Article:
Constituting The Unsafe: Nigerian Sex Workers' Notions of Unsafe Sexual Conduct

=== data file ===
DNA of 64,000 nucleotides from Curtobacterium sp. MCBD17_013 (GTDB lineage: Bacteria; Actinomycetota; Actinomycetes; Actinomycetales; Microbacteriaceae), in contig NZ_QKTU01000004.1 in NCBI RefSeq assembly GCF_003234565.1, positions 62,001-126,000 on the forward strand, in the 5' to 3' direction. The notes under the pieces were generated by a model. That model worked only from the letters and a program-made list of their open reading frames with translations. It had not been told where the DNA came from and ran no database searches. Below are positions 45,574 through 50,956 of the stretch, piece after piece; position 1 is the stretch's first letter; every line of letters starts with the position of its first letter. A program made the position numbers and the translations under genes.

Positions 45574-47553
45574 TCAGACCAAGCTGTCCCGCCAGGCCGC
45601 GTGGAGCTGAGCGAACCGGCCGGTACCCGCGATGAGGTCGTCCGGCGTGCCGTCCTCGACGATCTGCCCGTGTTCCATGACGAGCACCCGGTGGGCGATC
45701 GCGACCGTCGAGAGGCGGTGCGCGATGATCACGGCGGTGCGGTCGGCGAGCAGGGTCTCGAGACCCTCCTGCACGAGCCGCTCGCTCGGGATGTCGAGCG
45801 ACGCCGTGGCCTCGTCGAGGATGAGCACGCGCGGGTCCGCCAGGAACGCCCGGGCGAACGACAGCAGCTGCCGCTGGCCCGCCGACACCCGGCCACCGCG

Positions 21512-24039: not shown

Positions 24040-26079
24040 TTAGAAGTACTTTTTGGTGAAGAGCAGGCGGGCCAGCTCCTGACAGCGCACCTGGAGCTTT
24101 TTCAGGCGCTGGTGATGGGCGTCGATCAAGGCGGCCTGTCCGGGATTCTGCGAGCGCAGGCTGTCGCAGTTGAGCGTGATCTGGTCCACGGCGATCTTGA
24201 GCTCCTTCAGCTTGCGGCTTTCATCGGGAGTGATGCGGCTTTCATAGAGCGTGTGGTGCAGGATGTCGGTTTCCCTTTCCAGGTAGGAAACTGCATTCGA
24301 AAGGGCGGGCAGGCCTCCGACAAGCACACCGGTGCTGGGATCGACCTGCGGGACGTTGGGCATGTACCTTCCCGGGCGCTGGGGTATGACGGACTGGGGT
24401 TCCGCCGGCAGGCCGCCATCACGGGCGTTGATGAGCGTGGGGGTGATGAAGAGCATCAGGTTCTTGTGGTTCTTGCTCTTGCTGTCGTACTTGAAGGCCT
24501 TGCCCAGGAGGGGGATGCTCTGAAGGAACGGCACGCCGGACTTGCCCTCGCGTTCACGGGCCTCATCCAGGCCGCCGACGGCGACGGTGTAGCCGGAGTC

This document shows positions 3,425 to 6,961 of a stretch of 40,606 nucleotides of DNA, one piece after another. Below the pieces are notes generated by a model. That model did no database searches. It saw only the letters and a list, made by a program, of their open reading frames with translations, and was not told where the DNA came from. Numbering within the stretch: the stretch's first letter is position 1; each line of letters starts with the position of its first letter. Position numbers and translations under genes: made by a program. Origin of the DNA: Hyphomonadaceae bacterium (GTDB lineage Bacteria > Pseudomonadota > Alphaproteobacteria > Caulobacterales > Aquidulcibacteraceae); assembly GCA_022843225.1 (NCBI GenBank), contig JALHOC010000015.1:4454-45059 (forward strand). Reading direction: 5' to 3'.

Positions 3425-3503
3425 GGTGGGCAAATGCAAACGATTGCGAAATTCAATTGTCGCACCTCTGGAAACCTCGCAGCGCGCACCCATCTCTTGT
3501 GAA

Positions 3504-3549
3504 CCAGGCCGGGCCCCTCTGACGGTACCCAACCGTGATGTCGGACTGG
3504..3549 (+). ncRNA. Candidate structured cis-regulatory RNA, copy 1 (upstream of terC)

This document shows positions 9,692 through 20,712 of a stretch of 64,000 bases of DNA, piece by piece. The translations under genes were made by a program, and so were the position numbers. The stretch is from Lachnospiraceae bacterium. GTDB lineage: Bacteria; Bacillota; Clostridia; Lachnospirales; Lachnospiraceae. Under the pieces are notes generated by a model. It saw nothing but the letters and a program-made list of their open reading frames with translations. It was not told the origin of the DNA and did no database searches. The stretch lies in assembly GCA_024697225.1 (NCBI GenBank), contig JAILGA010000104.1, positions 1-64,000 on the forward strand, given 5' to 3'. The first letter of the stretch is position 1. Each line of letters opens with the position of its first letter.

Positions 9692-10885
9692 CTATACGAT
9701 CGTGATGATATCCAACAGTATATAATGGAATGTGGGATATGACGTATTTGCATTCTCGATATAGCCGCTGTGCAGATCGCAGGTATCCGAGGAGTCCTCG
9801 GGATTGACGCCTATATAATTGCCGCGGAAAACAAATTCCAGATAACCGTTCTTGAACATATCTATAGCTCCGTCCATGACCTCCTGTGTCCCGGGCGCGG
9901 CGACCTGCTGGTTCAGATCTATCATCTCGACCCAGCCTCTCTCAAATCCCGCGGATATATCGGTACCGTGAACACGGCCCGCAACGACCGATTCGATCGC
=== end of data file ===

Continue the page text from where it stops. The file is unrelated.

This article reports findings of a qualitative inquiry on representations of unsafe sexual conduct among female sex workers in Aba, Nigeria. Participating sex workers viewed their work as a form of business, a survival imperative in the face of poverty, and they generally considered it both risky and disgraceful. However, they frequently framed unsafe sexual behavior in terms of poorly remunerated unprotected sex with clients. Sex workers in the study were not only generally willing to grant, but also confirmed regularly granting, unprotected sex to clients offering to pay a premium for it. Receiving “good money” for unprotected sex made higher degrees of risk acceptable to these women and was considered an effective way to avoid clients assumed to be carriers of infections. In their struggle for sexual health, sex workers in Nigeria are hindered by poverty, powerlessness, and marginality. Future programs must aim, inter alia, at supporting sex workers' willingness to insist on condoms no matter what clients offer them to do otherwise.